Conservation Matters October 2014

The Texas Land, Water and Wildlife Connection

Thursday in San Antonio: Lost Water Conference for water suppliers

Thursday in San Antonio: Lost Water Conference for water suppliers

The Edwards Aquifer Regional Water Conservation Program is sponsoring the Lost Water Conference Oct. 30 in San Antonio for staff of municipal water utilities and other water suppliers in the Edwards Aquifer region. The conference will be from 9:30 a.m.-2:30 p.m. at the Edwards Aquifer Authority (EAA) offices, 900 E. Quincy St. in San Antonio.

Dr. Calvin Finch, of the Texas A&M Institute of Renewable Natural Resources and an organizer of the conference, said speakers will discuss lost, or non-revenue, water and identify lost water issues within the Edwards Aquifer. One of the institute’s urban water initiatives is to help manage the water conservation program for EAA.

“Lost water is the difference between water that water suppliers pump from the Edward’s Aquifer and the water sold to water users,” Finch said. “The fact that such a difference exists means that water purveyors are paying fees and electricity to pump water that is never sold.”

Finch said this event will help water purveyors understand lost water issues and the resources available from the Edwards Aquifer Habitat Conservation Plan’s regional water conservation program that can help communities save water.

Finch said the Edwards Aquifer Habitat Conservation Plan was developed to balance the protection of endangered species with water use in the Edwards Aquifer. The water conservation program, part of the habitat conservation plan, includes conservation activities targeted at municipal water providers and assistance through low-flow toilet programs, leak detection and other community specific efforts.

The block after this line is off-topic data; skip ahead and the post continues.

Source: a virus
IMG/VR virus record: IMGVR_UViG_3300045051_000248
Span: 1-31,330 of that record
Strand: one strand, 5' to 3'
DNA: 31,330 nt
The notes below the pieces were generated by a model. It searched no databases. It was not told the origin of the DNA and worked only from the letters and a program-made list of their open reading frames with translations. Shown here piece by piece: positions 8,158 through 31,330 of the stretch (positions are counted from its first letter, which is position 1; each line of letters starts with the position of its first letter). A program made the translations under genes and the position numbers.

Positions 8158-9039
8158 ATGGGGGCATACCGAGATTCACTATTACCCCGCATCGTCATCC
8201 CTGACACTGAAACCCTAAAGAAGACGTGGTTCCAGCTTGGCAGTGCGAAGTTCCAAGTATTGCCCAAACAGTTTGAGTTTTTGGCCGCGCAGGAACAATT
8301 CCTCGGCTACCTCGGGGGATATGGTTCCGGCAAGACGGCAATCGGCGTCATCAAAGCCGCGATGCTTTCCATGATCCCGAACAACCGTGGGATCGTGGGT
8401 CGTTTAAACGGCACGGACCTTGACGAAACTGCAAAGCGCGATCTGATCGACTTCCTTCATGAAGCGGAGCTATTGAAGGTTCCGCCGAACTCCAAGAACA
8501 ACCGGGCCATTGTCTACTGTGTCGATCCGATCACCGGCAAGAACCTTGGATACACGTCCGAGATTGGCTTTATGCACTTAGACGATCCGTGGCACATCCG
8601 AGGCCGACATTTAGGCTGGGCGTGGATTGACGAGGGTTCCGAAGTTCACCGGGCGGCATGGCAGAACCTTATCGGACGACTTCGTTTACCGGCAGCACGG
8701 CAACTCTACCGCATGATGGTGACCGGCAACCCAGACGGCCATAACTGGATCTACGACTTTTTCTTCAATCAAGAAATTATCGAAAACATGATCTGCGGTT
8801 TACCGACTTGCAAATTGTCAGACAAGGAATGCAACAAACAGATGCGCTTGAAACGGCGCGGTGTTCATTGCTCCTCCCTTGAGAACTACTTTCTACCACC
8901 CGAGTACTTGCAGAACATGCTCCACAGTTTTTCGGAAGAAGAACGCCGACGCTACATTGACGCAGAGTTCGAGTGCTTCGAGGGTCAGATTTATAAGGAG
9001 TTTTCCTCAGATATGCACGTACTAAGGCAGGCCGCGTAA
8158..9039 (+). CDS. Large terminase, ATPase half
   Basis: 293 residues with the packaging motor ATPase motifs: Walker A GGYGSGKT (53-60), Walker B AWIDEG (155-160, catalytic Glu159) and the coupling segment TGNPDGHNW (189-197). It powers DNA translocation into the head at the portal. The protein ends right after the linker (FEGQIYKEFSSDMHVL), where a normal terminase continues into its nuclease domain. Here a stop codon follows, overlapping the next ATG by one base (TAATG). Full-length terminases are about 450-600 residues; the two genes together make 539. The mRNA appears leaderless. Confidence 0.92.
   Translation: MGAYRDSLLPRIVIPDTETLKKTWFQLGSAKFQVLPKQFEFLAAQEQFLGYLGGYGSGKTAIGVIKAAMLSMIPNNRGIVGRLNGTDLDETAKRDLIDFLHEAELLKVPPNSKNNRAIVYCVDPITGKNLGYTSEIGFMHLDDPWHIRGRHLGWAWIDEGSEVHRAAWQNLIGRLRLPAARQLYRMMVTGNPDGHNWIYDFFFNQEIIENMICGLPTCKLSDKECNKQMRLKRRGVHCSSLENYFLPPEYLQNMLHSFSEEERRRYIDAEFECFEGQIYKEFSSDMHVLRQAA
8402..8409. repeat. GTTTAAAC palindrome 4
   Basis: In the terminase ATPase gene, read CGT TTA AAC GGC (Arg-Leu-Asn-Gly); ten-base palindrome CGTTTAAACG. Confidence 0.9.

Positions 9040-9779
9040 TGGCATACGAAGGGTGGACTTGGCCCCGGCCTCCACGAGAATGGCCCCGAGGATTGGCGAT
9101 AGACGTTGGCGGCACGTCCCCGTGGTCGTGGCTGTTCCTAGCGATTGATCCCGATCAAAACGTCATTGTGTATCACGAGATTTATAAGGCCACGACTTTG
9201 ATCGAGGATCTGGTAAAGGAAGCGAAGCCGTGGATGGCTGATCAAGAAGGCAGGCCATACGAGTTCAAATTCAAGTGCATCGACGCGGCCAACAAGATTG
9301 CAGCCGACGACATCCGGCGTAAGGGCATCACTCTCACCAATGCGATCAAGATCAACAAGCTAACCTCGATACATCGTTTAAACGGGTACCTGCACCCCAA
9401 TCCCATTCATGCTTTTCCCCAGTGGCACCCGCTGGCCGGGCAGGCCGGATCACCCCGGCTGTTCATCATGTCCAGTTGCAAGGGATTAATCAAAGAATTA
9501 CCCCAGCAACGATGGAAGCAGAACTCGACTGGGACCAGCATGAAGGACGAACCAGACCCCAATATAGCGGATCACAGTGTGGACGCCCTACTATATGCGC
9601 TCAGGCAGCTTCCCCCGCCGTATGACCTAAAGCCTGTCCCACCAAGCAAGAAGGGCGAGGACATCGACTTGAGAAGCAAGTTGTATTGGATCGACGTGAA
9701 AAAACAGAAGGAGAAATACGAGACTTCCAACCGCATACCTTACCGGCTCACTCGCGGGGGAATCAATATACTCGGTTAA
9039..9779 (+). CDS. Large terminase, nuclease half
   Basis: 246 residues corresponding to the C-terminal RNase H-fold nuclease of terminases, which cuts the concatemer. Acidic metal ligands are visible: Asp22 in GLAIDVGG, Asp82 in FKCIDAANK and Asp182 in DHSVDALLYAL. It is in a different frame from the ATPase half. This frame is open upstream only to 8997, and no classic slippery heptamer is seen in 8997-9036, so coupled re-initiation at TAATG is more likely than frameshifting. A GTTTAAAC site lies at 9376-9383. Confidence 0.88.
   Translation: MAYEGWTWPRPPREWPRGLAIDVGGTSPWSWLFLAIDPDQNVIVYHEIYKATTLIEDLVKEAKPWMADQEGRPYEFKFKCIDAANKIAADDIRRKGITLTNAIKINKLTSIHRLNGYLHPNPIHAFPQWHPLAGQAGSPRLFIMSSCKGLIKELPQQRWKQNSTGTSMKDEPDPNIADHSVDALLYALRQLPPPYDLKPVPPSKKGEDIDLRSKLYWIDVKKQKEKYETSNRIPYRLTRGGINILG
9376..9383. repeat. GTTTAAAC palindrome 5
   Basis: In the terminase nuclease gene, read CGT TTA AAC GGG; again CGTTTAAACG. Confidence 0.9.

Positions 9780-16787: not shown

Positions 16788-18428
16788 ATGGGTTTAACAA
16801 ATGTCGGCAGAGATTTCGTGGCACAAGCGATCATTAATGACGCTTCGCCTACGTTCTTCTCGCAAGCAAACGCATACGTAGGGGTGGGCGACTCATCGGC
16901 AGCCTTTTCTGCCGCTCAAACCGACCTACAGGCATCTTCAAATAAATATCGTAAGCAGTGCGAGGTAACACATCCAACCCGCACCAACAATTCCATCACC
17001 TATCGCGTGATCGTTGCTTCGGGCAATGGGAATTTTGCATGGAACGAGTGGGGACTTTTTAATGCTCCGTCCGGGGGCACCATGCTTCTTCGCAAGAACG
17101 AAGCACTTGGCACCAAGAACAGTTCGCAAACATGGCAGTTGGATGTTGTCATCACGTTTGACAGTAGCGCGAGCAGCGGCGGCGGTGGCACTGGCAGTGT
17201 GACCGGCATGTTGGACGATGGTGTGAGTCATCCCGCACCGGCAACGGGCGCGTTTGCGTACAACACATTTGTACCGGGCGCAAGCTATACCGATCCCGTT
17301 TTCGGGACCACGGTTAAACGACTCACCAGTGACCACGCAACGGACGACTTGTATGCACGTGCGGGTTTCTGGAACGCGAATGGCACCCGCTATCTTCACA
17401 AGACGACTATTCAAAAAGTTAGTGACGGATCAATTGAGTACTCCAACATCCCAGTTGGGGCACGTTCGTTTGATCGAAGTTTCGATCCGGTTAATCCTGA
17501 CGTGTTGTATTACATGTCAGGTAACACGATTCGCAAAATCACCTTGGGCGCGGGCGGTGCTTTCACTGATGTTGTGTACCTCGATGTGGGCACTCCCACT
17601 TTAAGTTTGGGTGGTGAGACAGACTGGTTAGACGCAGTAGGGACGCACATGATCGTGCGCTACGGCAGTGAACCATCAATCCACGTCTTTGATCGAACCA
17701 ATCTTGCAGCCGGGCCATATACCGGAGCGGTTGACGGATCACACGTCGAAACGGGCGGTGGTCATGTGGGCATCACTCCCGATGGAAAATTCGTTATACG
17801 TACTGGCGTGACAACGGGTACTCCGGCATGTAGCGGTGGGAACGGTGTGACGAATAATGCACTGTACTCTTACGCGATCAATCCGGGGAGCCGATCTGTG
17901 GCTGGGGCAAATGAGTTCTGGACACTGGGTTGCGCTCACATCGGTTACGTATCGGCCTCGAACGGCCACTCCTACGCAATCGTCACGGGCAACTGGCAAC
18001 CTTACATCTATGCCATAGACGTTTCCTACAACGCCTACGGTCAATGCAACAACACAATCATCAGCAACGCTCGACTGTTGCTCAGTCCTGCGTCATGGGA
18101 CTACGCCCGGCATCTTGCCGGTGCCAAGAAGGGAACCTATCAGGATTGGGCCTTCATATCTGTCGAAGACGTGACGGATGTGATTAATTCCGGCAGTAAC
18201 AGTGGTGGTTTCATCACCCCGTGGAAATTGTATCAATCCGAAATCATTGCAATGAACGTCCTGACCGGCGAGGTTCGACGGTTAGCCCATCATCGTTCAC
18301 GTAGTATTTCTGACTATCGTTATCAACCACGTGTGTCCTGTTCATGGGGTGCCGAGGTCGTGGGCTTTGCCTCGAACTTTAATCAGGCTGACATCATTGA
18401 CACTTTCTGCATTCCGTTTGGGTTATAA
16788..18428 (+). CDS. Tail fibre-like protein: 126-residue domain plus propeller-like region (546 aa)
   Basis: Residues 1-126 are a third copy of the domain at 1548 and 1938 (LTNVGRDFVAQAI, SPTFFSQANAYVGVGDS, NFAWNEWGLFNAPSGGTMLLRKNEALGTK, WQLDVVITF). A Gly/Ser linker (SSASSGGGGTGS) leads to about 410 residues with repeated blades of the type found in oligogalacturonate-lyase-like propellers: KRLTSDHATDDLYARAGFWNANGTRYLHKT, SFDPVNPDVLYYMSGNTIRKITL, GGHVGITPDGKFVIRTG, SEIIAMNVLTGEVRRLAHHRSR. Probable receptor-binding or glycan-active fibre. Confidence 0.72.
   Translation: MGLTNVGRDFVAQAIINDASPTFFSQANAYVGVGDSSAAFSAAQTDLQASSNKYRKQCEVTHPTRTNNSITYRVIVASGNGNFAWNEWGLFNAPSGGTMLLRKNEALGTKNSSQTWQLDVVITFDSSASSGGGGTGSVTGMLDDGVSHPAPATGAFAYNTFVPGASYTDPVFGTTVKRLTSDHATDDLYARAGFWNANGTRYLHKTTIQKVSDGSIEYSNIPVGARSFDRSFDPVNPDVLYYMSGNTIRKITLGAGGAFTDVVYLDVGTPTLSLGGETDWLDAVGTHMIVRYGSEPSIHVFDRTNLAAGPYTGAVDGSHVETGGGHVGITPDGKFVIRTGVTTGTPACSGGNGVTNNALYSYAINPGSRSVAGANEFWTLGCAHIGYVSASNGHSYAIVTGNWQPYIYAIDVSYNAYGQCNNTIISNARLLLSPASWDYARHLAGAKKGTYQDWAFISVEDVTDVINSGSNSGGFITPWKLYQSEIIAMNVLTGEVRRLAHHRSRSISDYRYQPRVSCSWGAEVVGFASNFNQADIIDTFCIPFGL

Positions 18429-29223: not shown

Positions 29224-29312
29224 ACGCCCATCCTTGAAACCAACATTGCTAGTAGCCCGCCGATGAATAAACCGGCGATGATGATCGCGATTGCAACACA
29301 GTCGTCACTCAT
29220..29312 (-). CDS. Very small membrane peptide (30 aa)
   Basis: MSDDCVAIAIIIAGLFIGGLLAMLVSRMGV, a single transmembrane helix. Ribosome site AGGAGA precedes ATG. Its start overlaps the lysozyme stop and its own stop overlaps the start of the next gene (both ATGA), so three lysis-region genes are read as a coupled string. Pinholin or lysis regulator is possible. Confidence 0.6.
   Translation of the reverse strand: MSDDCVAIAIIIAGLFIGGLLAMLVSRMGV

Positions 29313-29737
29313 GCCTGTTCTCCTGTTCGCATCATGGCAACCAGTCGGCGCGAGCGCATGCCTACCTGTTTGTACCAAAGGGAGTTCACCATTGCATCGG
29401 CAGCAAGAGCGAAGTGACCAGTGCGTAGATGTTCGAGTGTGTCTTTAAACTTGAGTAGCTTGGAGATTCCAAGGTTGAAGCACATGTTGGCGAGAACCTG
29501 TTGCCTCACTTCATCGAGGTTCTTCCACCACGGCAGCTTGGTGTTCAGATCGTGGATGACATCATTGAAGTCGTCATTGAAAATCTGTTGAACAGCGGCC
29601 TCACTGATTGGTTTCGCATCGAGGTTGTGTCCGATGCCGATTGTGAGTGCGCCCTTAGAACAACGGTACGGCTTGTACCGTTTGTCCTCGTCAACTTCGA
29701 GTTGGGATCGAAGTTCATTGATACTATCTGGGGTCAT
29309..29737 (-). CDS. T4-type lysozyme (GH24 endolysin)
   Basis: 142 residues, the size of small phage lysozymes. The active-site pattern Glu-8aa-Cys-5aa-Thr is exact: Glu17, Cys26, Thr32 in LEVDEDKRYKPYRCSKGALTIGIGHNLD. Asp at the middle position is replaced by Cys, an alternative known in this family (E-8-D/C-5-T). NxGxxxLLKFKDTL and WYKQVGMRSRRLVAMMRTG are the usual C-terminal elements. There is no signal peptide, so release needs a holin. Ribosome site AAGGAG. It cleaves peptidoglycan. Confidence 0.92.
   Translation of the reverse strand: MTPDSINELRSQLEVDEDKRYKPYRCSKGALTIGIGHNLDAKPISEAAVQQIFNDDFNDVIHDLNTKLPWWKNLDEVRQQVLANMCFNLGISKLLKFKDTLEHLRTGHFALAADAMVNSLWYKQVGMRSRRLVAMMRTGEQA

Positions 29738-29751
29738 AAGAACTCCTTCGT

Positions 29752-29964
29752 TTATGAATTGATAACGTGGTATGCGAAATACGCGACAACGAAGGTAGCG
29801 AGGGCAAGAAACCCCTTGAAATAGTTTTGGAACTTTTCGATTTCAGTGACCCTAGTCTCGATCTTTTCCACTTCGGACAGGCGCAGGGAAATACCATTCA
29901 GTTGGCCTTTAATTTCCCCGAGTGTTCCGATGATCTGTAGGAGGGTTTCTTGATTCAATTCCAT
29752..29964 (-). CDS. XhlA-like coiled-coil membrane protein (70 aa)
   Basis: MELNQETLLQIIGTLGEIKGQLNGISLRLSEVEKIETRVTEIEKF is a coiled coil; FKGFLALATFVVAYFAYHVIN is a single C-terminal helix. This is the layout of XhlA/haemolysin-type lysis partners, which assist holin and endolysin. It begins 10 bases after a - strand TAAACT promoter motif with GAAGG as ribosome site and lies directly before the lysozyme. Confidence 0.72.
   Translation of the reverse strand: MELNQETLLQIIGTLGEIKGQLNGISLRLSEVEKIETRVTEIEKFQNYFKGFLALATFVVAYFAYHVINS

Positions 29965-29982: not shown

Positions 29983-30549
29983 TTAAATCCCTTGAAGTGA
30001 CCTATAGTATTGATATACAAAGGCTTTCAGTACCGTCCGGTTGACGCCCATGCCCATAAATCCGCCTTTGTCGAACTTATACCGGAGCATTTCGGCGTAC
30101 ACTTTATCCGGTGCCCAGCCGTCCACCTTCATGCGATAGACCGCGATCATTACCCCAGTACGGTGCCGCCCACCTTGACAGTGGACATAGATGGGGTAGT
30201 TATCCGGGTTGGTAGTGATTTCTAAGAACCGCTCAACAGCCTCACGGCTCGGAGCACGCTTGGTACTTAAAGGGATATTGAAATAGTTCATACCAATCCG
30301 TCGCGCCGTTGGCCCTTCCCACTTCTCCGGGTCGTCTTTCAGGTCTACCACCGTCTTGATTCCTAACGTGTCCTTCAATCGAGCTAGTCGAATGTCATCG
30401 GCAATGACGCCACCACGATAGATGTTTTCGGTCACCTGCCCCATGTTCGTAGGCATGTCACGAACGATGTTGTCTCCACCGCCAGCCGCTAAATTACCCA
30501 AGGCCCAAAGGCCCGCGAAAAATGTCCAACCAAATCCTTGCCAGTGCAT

Lost water can result from leaks in the distribution system due to old or damaged pipes and pumps, inaccurate metering and accounting, non-metered water use and stolen water, Finch said.

“In the Edwards Aquifer region, municipalities and industrial users pump approximately 280,000 acre-feet of water every year,” Finch said. “An average of 15 percent lost water would equal about 42,000 acre-feet of water, worth over $42 million, every year.

“Reducing lost water from 15 percent to 10 percent in the Edwards Aquifer region would save 14,000 acre-feet or 4.5 billion gallons of water every year,” Finch said.

Conference presenters and topics will include: 

  • Dr. Kelly Brumbelow, associate professor, Texas A&M University Zachary Department of Civil Engineering, on the definition of lost water
  • Ann Gabriel, project manager, Texas Center for Applied Technology, on the Edwards Aquifer Habitat Conservation Plan and regional water conservation program
  • Finch, on water loss services offered by the regional water conservation program

The conference will end with a question-and-answer session with representatives from EAA, Texas Water Development Board and the Texas A&M University System. Demonstrations will include trainings on leak detection and ultrasonic flowmeters.

The conference is free to attendees, and lunch will be provided. For additional information, contact Amy Truong at 210.277.0292, ext. 205, or Finch at 210.277.0292, ext. 205, or calvin.finch@tamu.edu

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